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September Surrender: Day 26

What I’m Letting Go: Matter of Certainty

I wonder if you can tell what order I wrote all this in today. Believe me, I never do this. I always write things from top to bottom. But I had a lot of trouble with this one today. I can’t decide if I trust too little or trust too much. I feel like I believe anything I read online sometimes, no matter how outlandish it may seem. Then other times, I cloister myself in, not allowing any outside influence, keeping my thoughts and feelings as close to the vest as possible. It all makes no sense and too much sense. It’s just me.

I don’t think there’s ever been a time someone has betrayed my trust. I never feel like I establish it at the onset, and perhaps no one does. I was told by someone once that they trust me, and I felt it was more important than it actually turned out to be, I guess. Still, I always wonder what it looks like when you implicitly know someone will be there for you without questions. It’s like a parent-child relationship, but how do you form that with an ‘outsider?’

I suppose it’s in my best interest to let go of holding my trust so tightly clenched, lest I come off sounding like a callous jackass. I told my aunt I didn’t trust the organization my other aunt set up for me to call when we were looking for nursing homes for Mom, simply based on a feeling. And as it turns out, they found us a perfect agency for homecare workers that operates right in my hometown. The nurse even sent her kids to the same grade school I did. So yes, I can have feelings that I’m open, but just because my gut tells me one thing doesn’t mean I can’t let a pitch come my way. Seeing is believing after all.

What I’ve Discovered: Medical Marvels

The last three years really solidified to me how little trust I have in once-trusted institutions. The feeling I had during the 2017-2019 era of the country finally becoming a good place in my lifetime was eroded the moment that bioweapon was unleashed upon the world. Who exactly pressed the button remains to be seen, but I think I have a good idea as to who did it. But let’s not get caught up in the tinfoil hattery.

Yesterday my father and I spent seven hours by my mom’s side as we waited in the nearby hospital’s emergency wing. There was no open room, so we had to wait in the hall. Staff kept telling us how Mondays are always busy, so we were just patient. In that time, the nurse came around to give her an IV and an antibiotic drip. We spoke to three separate doctors who came by to check on her, the insurance woman, and the pharmacist. It was a busy moment in time, and people just kept coming in and going out. And all the while, the machine ran like clockwork around us.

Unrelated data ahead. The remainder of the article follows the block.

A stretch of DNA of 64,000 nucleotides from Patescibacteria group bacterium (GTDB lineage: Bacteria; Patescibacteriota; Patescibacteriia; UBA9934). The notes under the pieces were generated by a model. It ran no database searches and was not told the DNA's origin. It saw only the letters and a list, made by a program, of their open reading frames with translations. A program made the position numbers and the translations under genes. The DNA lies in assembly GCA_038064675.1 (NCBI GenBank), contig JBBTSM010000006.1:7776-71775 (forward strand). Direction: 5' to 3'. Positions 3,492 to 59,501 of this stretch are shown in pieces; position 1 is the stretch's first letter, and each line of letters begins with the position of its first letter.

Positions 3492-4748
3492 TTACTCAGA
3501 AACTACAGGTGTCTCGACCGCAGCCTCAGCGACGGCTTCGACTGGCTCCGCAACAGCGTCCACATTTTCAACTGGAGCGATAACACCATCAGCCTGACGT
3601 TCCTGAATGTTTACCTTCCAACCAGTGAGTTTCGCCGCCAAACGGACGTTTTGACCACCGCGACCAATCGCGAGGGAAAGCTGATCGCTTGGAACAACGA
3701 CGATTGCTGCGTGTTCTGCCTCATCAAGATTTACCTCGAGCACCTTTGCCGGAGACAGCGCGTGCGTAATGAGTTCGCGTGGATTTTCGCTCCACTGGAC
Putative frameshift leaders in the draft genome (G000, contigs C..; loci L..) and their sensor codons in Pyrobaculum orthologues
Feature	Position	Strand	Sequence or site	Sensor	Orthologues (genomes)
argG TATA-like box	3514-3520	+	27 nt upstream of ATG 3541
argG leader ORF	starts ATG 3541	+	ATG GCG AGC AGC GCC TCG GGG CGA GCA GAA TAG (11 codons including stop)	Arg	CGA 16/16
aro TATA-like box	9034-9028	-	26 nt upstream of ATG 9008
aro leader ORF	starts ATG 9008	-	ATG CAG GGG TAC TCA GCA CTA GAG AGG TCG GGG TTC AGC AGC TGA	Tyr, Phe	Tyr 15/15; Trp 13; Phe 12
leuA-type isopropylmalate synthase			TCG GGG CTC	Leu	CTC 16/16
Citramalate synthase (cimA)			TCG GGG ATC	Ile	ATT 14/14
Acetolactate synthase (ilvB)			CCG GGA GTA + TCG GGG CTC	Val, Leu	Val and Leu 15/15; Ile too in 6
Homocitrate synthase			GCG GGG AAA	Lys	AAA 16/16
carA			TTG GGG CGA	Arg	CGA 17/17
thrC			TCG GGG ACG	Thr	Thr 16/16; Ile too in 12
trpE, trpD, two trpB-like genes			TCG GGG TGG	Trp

My dad stayed until visiting hours were over, and I called the hospital before I left for work. Turns out Mom is responding well to the antibiotics and can go home after a few days. My dad said the infection looked a million times better when he visited today, so the staff there really did a bang-up job on her. Even my dad, who adamantly will not see a doctor for himself, said the physician caring for her was phenomenal and “just lovely.” It was nice to here. It was nice to experience it for myself, as going to the hospital isn’t exactly a joyous occasion.

Even though the only doctor I have now is my gynecologist, I’m happy to have gotten back some of what was lost over the last three years. I saw people who truly wanted to help their fellow man, almost getting their energy from providing care. It’s like I discovered a whole new level of health care, and I applaud those who dedicate their lives in the service of others. Though not literally applaud. We already did that and I’m fine leaving pandemic-era weirdness in the past.

What I Hope to Find: Teeny Tiny Trustfulness

I got to hold a baby the other day. My friend’s son just turned one. I was invited to his birthday party. I held my hands out as he was looking at me and asked, “may I?” He didn’t quite leap into my arms but he let me hold him no problem. I got the sense he wasn’t going to grab onto me, so I sort of flipped him around to sit in the crook of my arm while I secured my forearm around him. The photographer snapped a few pictures as I beamed. No idea if he was smiling too, but I know he wasn’t trying to wriggle away. My friend was feeding him some Cheerios, and every time he ate one, I’d say, “delicious!” He then reached out for mom and away he went.

I don’t get to hold babies very often. I told my friend to watch out or I’m gonna abscond with her son. It’s the same joke my family made about my mother growing up, since she absolutely adored being around babies. I just don’t have too many chances to do so. And it used to scare me. They’re so tiny and fragile and I was always afraid I was doing it wrong. But when they’re handed to me or they reach out to me, there’s just an instant level of trust that sets in. I feel like I instinctually know how to handle the child, because we as adults have to provide the greatest level of care that we can.

I’d love to keep chasing this feeling of wanting to care for the tiniest among us. I know I’ve harped on having babies a lot in these entries, but it’s something that’s been on my mind for a very long time now. I still have no idea how it’s going to happen, only that it’s something I actually want to do. There’s plenty of women out there who don’t want to be mothers. I’m not one of them. I can have faith in the process that will give me the opportunity. Until then, I can just babysit for now. Besides, if I do try and take off, my friend did say, “I know where you live.” She’d kill me. Trust.

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